Keats Influence On The Great Gatsby

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Literary Imitation is a concept prevalent throughout American literature, and extremely important in influencing authors and works regarded as extremely important in shaping writing unanimously agreed to be central to the core of important literature. In many cases, an author may choose their favorite author and try to emulate their style. F. Scott Fitzgerald, author of The Great Gatsby, had a favorite poet named John Keats, who is famously noted for writing about life with a nonpareil understanding of its pleasures. Fitzgerald admired Keats so much that there are several examples of “Fitzgerald editing Keats’s verse for his own aesthetic and interpretative reasons,” and repurposing them in his own stories (McGowan 9). Most notably, Fitzgerald titled one of his works Tender is the Night, a line directly out of Keats’ “Ode to a Nightingale.” However, as Dan McCall explains out in his essay, “Keat’s influence on the Great Gatsby should not be understood exclusively in terms of ‘literary imitation’”(McCall 522). Not only does Fitzgerald include very similar style of writing to his role model, but he also deliberately writes in a way that encapsulates the same emotions, evoking the same feelings Keats does in his poetry. Reading Keats’ "Ode to a Nightingale" illuminates new meaning and comprehension on to Fitzgerald’s complex characters, especially the enigma of Gatsby who spends much of the book shrouded in mystery.…show more content…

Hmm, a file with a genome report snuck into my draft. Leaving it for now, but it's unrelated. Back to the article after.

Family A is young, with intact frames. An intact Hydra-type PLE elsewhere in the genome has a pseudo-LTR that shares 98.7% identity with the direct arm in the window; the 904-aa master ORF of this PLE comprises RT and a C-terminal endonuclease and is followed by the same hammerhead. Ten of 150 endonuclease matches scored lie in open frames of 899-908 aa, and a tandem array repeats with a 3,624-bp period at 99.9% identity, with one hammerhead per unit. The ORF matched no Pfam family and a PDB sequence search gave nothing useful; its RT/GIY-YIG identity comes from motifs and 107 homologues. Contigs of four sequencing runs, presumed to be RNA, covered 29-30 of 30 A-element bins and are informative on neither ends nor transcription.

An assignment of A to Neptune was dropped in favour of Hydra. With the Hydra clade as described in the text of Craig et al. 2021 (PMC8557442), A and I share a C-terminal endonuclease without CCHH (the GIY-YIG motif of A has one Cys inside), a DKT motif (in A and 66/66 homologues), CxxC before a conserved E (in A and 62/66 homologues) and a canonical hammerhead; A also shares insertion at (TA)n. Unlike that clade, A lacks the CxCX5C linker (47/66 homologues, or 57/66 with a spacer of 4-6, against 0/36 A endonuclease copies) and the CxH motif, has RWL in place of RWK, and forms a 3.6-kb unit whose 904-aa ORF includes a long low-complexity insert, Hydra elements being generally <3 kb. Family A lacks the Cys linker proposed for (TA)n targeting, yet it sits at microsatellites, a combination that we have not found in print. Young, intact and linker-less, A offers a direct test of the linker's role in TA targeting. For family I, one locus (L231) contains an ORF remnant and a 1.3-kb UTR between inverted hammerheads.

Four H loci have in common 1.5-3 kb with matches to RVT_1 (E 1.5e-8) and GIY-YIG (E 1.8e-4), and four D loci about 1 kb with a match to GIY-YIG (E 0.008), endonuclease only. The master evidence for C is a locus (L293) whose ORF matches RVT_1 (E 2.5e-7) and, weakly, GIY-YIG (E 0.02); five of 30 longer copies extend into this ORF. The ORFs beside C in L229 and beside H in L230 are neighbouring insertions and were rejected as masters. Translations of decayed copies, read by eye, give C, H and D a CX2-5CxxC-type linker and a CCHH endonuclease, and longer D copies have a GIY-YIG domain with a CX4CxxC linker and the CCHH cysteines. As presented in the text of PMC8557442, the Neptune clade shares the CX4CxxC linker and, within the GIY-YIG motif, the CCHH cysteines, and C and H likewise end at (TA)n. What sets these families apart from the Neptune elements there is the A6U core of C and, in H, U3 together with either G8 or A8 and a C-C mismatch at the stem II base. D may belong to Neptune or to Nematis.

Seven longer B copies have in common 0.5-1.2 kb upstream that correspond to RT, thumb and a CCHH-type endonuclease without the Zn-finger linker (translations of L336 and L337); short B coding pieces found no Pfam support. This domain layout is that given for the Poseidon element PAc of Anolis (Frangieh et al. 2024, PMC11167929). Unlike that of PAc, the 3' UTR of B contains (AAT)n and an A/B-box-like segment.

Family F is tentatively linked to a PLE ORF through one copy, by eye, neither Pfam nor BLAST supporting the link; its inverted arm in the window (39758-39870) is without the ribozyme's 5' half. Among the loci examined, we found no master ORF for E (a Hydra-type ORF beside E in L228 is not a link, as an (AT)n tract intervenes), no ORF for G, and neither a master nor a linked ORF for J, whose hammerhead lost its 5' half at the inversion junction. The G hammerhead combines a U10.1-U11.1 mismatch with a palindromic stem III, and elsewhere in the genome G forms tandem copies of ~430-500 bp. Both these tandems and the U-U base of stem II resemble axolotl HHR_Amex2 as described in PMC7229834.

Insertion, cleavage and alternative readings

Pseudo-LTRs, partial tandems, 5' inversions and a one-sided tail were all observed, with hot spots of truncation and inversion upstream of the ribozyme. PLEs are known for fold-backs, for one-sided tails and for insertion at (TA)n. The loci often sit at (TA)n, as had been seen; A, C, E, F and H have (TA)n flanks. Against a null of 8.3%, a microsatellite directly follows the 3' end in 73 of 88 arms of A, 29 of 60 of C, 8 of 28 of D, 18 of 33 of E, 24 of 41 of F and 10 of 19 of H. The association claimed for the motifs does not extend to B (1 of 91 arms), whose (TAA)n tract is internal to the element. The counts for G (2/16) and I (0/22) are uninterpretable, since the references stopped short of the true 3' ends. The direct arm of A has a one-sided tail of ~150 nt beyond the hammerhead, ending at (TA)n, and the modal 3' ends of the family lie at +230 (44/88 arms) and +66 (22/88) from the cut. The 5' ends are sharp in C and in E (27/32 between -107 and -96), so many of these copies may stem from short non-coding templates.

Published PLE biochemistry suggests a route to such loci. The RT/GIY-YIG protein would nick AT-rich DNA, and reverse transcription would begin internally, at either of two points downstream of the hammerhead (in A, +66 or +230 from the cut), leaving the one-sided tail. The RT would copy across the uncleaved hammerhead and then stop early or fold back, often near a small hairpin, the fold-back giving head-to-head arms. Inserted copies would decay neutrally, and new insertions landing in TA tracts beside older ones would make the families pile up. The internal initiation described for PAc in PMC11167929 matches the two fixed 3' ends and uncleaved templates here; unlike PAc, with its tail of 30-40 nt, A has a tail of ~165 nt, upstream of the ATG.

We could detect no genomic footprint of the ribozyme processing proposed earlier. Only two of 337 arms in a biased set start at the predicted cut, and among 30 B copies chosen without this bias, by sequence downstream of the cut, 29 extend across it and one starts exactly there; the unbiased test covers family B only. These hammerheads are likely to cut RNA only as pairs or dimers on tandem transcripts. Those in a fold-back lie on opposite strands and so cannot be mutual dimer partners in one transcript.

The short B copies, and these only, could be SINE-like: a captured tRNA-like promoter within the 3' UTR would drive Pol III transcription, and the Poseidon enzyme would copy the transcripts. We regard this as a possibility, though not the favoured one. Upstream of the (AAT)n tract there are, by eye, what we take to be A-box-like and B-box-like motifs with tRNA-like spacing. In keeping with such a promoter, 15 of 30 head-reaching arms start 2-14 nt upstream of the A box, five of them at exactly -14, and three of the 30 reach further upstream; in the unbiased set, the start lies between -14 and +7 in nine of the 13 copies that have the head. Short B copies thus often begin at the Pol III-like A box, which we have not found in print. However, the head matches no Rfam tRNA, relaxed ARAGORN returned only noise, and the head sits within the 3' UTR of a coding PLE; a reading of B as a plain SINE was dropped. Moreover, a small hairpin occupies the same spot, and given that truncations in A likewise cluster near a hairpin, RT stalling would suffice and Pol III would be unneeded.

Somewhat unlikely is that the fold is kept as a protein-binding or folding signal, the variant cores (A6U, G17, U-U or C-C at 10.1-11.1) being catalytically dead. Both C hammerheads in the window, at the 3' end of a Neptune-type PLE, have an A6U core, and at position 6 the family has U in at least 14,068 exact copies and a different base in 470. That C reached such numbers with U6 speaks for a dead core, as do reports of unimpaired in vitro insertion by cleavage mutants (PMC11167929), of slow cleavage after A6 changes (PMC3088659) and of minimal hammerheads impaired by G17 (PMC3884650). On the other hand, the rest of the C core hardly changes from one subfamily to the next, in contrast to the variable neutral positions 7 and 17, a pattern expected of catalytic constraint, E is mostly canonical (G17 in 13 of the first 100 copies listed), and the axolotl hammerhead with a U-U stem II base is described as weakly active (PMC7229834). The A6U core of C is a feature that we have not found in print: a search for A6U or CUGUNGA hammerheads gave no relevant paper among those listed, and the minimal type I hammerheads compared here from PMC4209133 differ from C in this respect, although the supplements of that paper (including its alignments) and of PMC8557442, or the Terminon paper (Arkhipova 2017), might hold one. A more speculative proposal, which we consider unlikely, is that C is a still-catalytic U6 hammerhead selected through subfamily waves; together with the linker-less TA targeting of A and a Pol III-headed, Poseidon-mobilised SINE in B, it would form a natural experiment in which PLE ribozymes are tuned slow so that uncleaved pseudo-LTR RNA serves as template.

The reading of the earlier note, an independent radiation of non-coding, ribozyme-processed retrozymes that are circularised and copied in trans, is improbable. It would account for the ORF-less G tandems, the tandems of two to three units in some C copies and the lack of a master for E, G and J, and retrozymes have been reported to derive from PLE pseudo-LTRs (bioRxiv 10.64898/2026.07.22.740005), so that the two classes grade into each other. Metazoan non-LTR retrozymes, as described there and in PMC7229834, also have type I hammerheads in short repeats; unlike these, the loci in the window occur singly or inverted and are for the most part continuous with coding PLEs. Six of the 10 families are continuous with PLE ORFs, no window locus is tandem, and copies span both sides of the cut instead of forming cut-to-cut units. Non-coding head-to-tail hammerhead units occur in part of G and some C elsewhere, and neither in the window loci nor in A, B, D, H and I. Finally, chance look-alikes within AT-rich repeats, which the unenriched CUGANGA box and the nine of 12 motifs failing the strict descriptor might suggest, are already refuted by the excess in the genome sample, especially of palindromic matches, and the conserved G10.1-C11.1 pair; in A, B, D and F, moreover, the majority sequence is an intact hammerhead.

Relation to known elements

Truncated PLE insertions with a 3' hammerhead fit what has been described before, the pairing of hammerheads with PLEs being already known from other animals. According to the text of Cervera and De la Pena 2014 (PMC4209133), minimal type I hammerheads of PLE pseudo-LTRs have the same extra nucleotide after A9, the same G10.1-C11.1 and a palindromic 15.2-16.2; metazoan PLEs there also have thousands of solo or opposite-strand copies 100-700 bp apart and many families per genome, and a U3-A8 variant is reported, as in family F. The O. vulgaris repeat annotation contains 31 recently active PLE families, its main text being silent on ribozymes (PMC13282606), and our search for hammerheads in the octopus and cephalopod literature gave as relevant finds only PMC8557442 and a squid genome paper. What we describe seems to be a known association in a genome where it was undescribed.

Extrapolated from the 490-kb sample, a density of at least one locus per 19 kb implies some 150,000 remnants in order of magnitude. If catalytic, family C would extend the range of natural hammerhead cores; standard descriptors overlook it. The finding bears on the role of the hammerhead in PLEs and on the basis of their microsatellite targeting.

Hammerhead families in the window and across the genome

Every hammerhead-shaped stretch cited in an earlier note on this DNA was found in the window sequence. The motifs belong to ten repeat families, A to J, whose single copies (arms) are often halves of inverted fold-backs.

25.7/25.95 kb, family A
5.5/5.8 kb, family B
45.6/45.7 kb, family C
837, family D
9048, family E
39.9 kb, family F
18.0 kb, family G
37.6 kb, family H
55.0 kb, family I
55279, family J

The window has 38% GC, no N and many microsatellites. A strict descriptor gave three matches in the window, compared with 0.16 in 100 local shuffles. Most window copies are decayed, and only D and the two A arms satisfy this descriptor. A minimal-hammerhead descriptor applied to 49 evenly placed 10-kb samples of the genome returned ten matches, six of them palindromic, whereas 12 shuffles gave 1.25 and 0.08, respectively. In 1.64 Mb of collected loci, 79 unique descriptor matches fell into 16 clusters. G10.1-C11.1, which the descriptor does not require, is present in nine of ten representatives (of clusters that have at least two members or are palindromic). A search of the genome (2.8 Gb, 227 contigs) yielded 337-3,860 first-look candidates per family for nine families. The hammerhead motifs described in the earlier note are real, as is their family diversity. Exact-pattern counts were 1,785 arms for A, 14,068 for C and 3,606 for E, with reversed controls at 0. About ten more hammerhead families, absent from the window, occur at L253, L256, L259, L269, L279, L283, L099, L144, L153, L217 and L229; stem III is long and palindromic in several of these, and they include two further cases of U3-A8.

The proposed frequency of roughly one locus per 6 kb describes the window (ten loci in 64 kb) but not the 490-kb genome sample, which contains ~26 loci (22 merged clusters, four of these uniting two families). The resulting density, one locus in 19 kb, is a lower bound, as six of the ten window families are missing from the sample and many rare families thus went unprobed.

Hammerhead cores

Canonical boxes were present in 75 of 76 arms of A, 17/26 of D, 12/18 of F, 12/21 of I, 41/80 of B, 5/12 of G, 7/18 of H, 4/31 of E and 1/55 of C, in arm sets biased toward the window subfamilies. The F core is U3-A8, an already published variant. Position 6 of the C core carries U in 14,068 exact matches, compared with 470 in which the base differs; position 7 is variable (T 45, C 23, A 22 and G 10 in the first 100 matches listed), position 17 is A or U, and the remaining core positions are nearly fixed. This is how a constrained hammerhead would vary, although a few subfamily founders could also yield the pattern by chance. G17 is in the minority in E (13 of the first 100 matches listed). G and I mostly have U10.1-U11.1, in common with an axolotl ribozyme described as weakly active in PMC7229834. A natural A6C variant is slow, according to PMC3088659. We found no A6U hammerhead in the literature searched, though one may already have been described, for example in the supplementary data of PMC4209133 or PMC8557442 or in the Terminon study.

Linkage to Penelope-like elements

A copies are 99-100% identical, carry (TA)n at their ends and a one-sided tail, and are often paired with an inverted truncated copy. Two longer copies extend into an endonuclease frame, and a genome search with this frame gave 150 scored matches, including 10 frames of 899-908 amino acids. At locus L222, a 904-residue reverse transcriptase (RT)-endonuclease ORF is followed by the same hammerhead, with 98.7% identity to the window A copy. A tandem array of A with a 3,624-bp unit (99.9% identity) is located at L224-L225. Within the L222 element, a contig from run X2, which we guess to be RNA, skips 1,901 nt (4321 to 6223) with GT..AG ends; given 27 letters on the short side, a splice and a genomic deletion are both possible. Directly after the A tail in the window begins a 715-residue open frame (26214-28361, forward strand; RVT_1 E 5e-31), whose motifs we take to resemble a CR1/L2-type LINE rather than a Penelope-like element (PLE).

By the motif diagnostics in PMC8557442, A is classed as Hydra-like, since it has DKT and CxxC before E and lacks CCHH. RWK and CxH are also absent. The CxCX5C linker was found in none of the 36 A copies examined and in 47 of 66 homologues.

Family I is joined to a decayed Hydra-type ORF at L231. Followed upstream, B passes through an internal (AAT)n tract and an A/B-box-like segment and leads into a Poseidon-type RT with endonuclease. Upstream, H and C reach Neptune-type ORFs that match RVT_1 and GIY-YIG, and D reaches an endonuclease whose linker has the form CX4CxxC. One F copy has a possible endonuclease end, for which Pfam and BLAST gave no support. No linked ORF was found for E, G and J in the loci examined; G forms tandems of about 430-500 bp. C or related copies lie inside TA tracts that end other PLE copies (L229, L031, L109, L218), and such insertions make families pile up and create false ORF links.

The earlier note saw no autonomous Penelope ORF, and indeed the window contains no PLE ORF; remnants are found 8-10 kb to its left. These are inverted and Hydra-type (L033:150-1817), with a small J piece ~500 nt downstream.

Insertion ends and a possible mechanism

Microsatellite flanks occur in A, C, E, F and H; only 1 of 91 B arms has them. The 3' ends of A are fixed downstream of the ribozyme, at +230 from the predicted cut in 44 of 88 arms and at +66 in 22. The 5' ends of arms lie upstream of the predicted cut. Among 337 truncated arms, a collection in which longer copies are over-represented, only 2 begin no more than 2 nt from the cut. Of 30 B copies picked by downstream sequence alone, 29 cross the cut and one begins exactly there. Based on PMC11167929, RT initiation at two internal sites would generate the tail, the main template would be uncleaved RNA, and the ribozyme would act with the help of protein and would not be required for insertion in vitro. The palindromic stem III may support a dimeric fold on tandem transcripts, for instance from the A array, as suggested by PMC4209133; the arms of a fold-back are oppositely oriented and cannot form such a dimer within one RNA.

Scott Fitzgerald’s work is unmistakable in The Great Gatsby: several allusions are made to his poem Ode to the Nightingale, particularly regarding his illustrious, yet sometimes confusing character Jay
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